How’s that Loyalty Program working for you?
Many marketers treat their loyalty program as a necessary, albeit tedious, part of their consumer communications; often with competing directives from leadership, lack of strong goals or KPIs and, of course, ever-present budget issues. But if you haven’t already done so, NOW is the time to get yours up and running (or revamped) to meet today’s consumer needs and shopping behaviors.
Yup. Now more than ever, brand loyalty is imperative to survival – and boy has it has shifted. Pandemic boredom has given people even more time online to try new brands and products. Quarantine fever has also created emotional needs. People need people – whether in person or virtually – which has given new life to the “you’ve got mail” excitement (as in “this new brand that I like just sent me an email with 30% off and addressed me by name…we’re practically besties!”).
As loyalties began to shift last spring – and are still shifting – many brands have failed to respond as quickly to new consumer mindsets. Add in the frequent changes and rules set by social platforms – not to mention metric transparency issues – and you’re spending days just trying to keep up with what you can and cannot say to your own followers (if they’re even listening).
According to eMarketer, loyalty programs are now “more important that ever, but need to be omnichannel, especially as more people are switching to ecommerce from traditional retail.” For instance, online grocery sales grew by 54% in 2020.*
In other words, keep giving love to your social platforms, but make sure you augment with loyalty messaging and other lower-funnel tactics like email to enhance all-around experience.
When starting or revamping your loyalty program, there are lots of moving parts – not to mention approval levels and red tape that can rain on your parade. Keep the following in mind while you’re writing your plan and you’ll be ready for all the questions.
Barriers to Great Loyalty Programs
1) Fighting for budget: If your program is not a stand-alone with its own KPIs, you could be sparring with the woman from social community management for program dollars. Take loyalty out of the general budget and request your own allocation. And don’t forget that adding third-party resources will chip away at your dollars. But weigh that against lack of internal knowledge or resources and consider a tiered product plan from an expert source. Starting with basic functionality and expanding as your program begins to scale is a great way to manage your budget.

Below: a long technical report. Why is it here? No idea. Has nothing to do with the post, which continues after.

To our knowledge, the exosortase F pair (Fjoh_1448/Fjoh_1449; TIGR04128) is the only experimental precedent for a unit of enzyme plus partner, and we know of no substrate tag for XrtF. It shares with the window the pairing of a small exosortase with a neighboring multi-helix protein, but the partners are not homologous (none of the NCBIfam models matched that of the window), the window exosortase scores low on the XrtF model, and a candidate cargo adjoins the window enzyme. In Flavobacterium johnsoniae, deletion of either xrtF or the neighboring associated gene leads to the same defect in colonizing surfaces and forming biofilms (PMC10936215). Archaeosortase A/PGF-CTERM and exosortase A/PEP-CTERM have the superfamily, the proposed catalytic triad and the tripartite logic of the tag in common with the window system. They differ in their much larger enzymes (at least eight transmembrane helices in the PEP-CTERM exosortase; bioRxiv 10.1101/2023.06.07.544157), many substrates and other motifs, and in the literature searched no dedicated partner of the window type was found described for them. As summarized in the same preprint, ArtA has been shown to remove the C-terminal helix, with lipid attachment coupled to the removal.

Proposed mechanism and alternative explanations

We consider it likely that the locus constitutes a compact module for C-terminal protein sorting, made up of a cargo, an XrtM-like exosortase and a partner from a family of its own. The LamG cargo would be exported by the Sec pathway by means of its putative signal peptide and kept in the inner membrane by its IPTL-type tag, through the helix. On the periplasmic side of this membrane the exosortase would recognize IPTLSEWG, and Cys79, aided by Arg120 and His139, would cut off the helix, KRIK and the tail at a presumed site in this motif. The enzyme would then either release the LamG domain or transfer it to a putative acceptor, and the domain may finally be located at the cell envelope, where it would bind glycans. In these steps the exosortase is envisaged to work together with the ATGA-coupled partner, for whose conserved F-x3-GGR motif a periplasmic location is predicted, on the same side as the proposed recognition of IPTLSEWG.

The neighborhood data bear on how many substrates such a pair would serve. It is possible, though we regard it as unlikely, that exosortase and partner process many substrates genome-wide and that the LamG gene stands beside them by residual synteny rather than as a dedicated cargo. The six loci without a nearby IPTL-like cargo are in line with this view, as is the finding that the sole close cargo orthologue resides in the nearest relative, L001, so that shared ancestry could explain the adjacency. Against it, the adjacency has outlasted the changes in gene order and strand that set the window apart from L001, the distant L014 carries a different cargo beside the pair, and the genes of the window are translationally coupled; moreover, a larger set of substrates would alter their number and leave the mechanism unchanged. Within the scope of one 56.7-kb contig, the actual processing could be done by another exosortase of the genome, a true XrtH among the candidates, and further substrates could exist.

2) Competing goals and directives: If you’ve got too many leaders and departments involved, you’ve got too many priorities. Set clear goals based on brand and consumer needs and build the program around them – no “takebacks” until you’ve been able to monitor and optimize for at least six months.
3) Lack of support staff and resources: Building and managing a quality, well-managed loyalty program takes work… and people hours. Any lost staff or re-allocations will reduce capacity for proper management, content, testing and analysis. Outsourcing is a great option and could be more affordable than staffing up.
4) The wrong mix of tools: Loyalty isn’t just about email and social engagement. Mobile wins the race, so you’ll need a well-built, easy-to-use, constantly updated app (for both platforms) that your customers can have at their fingertips.
5) Busy geeks: Whether you’re a large company or a start-up, your IT department may not always be there to support immediate loyalty program needs. It’s not just about licensing the right tools or design themes but being prepared if (and almost certainly when) something really goes wrong. If you don’t have a dedicated product team, don’t attempt to pass IT duties to the in-house creatives. Consider outsourcing for faster, more knowledgeable response.
6) Poor tech stack integrations: This can get complex. Depending on what integrations are involved in the tech stack, there are often a lot of moving parts. Starting off with way too much makes it difficult to set KPIs and measure success. It’s best to start out simply, then slowly introduce new tactics once a baseline is established.
7) Lack of planning for future tech: One answer is to use your loyalty program as a cool way to incent feedback via gamification. This can serve as a measurement tool to identify and rectify friction points elsewhere. In other words, reward your users for letting you know if you suck at something, and you’ll gain trust and brand loyalty.
Loyalty as Customer Service
In the end, loyalty programs are really about customer service. You can perform brand exercises and advertise all day, but to be truly memorable and build those customer relationships, you must stay top-of-mind, remain thoughtful in your communications, personalize their experience and optimize based on results. Of course, you’ll need those brand guidelines and hyper-targeted eyeballs to build the right messaging and maintain a consistent, meaningful relationship with your audience. (You’ve already got this, right?)
Revisit your Plan Quarterly
Finally, you must always be looking around the corner: What’s next? What do my customers want to see? What are the trends? What are they doing with their time? How are they responding once they get to my site? What’s converting and where? What channels are working best? What do we ditch? And most importantly, how do we prove success to our leadership team so we can earn more budget next year?
All of this might be more fodder for another blog, but we’ll stop here for now. Your best bet might just be to hire the right loyalty marketing team; one with expansive resources to make your program a huge success.
*eMarketer Retail, February 28, 2021